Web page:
Author Topic: Relationship between interest rates and share prices  (Read 8802 times)

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Offline Gary Stone

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Relationship between interest rates and share prices
« on: 31/10/2007, 11:33:07 AM »
I had a question from a customer that I thought would be worthwhile sharing my answer to with the Forum.

The question is:
Hi Gary.
Have you looked at any charts that shows the relationship between the above? What prompted me to ask you was the "economic clock theory" that falling share prices are preceded by rising interest rates.

ANSWER:

Don,

I understand. Let's look at the data.
 
The attached weekly charts show graph:
1. US 30 day Fed interest rates. This is an inverted graph showing yield - to calculate the yield subtract the chart value from 100. This chart should have 2 decimal points.
2. The S&P500.
3. The rolling 90 day bank bill in Australia. This is an inverted graph showing yield.
4. The ALL-ORDS.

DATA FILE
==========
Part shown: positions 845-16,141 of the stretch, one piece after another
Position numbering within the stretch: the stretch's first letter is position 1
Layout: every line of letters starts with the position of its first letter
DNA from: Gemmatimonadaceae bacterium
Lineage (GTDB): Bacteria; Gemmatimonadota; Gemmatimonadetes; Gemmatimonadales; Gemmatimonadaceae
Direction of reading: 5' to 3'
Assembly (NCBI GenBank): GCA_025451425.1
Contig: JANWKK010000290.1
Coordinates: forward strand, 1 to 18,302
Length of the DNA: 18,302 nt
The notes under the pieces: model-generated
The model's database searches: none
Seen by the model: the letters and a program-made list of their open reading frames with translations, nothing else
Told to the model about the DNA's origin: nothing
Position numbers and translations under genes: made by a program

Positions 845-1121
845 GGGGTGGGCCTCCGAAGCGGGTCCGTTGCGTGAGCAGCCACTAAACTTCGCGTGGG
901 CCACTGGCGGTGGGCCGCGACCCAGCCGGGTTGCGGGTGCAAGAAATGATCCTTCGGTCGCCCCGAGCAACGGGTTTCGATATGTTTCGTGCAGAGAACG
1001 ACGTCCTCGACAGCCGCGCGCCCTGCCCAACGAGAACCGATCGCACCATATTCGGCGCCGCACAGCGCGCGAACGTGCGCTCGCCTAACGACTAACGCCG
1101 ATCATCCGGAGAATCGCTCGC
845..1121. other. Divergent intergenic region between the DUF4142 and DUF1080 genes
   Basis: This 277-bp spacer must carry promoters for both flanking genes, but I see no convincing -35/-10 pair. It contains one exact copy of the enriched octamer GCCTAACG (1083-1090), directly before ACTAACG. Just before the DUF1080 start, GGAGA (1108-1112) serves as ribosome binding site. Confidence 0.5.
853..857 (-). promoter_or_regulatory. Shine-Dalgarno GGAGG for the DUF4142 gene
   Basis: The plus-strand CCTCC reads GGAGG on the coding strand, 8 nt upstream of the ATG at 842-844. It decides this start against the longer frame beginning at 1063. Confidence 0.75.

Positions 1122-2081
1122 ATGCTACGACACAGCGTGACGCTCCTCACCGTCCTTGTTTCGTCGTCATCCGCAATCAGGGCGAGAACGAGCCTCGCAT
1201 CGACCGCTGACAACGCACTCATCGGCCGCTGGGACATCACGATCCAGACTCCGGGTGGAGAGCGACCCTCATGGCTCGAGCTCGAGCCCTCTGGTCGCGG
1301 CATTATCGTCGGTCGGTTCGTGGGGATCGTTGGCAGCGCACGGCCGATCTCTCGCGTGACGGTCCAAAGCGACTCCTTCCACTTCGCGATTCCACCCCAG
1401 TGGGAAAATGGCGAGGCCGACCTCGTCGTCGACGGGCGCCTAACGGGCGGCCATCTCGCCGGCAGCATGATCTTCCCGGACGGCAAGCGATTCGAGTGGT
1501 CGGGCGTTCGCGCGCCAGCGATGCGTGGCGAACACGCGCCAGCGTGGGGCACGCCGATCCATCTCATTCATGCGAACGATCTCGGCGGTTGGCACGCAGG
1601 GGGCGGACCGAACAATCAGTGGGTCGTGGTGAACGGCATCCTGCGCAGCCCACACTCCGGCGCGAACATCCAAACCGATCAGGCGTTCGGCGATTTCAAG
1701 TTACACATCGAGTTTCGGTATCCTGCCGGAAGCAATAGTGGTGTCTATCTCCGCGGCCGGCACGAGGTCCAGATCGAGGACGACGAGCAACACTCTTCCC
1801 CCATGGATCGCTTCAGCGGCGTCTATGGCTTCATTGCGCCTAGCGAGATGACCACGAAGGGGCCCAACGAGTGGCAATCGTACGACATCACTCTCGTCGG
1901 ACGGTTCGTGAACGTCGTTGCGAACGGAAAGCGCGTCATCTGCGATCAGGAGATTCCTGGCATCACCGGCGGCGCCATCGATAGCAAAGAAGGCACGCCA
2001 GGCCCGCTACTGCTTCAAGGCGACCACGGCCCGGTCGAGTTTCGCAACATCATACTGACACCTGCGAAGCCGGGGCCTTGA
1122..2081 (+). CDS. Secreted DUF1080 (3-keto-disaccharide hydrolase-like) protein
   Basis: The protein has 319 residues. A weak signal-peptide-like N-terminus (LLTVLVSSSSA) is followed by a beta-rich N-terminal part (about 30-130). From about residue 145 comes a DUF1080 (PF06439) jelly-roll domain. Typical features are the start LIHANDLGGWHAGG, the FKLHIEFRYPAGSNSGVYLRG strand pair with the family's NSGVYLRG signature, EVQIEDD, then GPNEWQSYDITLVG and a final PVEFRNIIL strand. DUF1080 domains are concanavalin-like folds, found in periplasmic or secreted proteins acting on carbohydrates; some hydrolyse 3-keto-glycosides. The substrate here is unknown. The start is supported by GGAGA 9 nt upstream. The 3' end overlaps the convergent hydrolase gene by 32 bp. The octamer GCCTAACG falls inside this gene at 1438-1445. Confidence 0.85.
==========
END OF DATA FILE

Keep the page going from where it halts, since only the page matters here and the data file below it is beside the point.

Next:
Since 1Q 2003 USA short-term interest rates have risen from around 1% to around 5.25% while the S&P has risen around 75%.
 
In Australia, short-term interest rates have risen from 4.15% to 7.9% while the ALL-ORDS has risen around 126%.
 
I suppose in theory the Investment Clock is correct but just WHEN do the rising interest rates cause falling share prices?
 
These graphs cover 4.75 years. Should we have battened down the hatches as soon as interest rates started rising? Or after 2 years of rising interest rates? Maybe 3 or 4? Is now the time?
 
There are always more variables (more than single of even groups of human beings can comprehend at any given time) at play in the markets and, yes, there are many relationships that could be analysed on a regular basis.
 
Hence, the philosophy that we follow is that when the permutation of the all variables that are at play in the equity markets cause market prices to fall, we will react with our time proven and researched strategies rather than try to predict what affect a subset of variables may have in advance. Similarly for rising prices. Hence, our philosophy is that it all comes down to price action in the term that we trade because price action plots the net outcome of all the variables that interact on the markets.
 
I trust that this answers your question.


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